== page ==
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It is a circumstance which has frequently been remarked, that those authors who by their writings have greatly benefitted mankind, have left to posterity few particulars from which may be gathered the events of their own life. The course of a scholar rarely exhibits any incidents or features of variety. Living more with past generations than his own, holding converse with his books in preference to the world without, the daily tenor of his habits and occupations continues the same. We must be contented, therefore, to dwell with him in his seclusion, and to read the expression of his recorded thoughts, rather than expect to have to trace his history in events of more stirring interest. Such is the case with respect to the subject of the present memoir. The few particulars that have been preserved of the biography of William Fulke, may be briefly stated.

Of his parentage nothing is known. Bishop Wren', who took some trouble to glean notices of his life, has not even left us the date of his birth: but we are incidentally informed by himself that he was born before the year 1538. (See p. 41, and compare the statement there with the notice in p. ix. of No. 17 of his works.) It is

[ Bishop Wren's collections have been used for a similar purpose by Tanner. (Historical Account of the Masters of Pembroke Hall. Compiled by Matthew Wren, Bishop of Ely. A MS. volume in possession of the College. Leland's Collectanea, Vol. v. p. 396.) The Manuscript life in Caius College Library seems to be copied from

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reasonably presumed, that he was born in London; and that whilst a boy at school he manifested indications of that talent which developed itself so conspicuously at a later age. An anecdote has been preserved which shews that even at an early period he was possessed with the ambition of distinguishing himself above his associates. It happened, singularly enough, that as a schoolfellow he came into competition with Edmund Campian in a contest for the prize of a silver pen, offered by one of the masters as a reward for the best literary exercise. Our aspiring young scholar being unsuccessful bore his disappointment with so ill a grace as to shed tears under it, indignantly looking forward to the reprisals of a future competition. From Christ's Hospital, where it appears likely that Fulke received the rudiments of his education, (as it is certain that Campian was educated there",) he was transferred to St John's College, Cambridge, A. D. 1555. After taking his degree of bachelor of arts, his father, designing him for the legal profession, entered him a student of Clifford's Inn. During the six years and upwards that he remained here pursuing legal studies, he made himself well acquainted with the sciences, and gave to the world his Oipavouaxia, a. treatise in which he exposed the absurdities of astrology. At length returning to the University, he proceeded to his Master's degree, being at the same time elected fellow of his college, A.D. 1564. The change thus indicated in his plans so displeased his father, that for a time he withdrew from him the necessary means of subsistence. The zeal of Fulke suffered, however, little diminution under his pecuniary difficulties; and we find him immediately pursuing his new course of study with alacrity. To that of theology he now joined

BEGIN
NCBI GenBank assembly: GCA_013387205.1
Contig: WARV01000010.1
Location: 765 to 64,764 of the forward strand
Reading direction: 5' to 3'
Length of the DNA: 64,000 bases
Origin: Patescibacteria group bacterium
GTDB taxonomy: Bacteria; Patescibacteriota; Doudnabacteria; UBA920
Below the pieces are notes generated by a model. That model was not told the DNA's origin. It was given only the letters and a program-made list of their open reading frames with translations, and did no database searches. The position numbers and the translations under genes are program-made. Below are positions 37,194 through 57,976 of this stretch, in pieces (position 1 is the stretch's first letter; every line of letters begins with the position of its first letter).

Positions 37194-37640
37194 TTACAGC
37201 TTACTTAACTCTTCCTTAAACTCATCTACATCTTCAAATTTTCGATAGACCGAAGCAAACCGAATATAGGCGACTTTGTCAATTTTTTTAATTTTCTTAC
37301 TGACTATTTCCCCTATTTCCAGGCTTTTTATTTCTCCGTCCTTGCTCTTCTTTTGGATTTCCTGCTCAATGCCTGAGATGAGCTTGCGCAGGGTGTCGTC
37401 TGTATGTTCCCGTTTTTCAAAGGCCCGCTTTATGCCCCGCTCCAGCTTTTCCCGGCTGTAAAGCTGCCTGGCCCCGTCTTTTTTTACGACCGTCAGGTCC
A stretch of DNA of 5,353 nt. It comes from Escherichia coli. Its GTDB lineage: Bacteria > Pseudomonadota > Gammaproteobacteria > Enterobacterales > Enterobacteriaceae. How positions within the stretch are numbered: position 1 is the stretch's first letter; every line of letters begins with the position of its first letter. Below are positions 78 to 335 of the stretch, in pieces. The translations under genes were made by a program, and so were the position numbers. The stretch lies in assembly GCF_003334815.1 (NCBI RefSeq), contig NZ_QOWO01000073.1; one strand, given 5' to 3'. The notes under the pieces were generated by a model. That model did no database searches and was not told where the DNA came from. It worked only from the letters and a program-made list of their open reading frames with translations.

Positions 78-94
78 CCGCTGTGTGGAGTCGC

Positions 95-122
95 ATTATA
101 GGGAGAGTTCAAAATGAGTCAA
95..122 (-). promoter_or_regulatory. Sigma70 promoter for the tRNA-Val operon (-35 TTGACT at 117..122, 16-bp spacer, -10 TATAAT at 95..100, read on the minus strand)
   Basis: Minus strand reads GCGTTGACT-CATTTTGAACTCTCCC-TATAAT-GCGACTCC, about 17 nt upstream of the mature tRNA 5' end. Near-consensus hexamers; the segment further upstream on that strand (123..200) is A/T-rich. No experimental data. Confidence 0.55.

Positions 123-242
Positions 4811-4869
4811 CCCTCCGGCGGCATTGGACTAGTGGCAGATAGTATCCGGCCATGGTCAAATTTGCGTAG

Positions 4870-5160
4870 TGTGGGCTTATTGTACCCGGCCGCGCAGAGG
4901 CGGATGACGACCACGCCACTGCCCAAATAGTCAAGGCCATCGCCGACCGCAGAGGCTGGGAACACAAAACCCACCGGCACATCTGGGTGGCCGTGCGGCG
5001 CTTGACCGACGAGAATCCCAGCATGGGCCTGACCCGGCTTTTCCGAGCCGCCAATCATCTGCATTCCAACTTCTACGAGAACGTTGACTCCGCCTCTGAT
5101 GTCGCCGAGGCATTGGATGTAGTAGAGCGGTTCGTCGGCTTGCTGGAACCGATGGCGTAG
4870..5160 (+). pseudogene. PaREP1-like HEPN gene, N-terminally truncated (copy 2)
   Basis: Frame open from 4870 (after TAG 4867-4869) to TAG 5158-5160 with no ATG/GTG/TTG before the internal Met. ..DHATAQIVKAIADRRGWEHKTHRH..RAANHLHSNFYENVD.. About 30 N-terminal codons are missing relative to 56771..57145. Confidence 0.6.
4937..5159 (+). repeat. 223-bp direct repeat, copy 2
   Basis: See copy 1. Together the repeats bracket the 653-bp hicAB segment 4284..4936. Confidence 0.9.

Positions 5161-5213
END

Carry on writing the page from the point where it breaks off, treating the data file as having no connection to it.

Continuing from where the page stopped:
[" This however is no conclusive evidence, especially as Fulke must have been at least fifteen years old at the time of the foundation of the Hospital (1553).]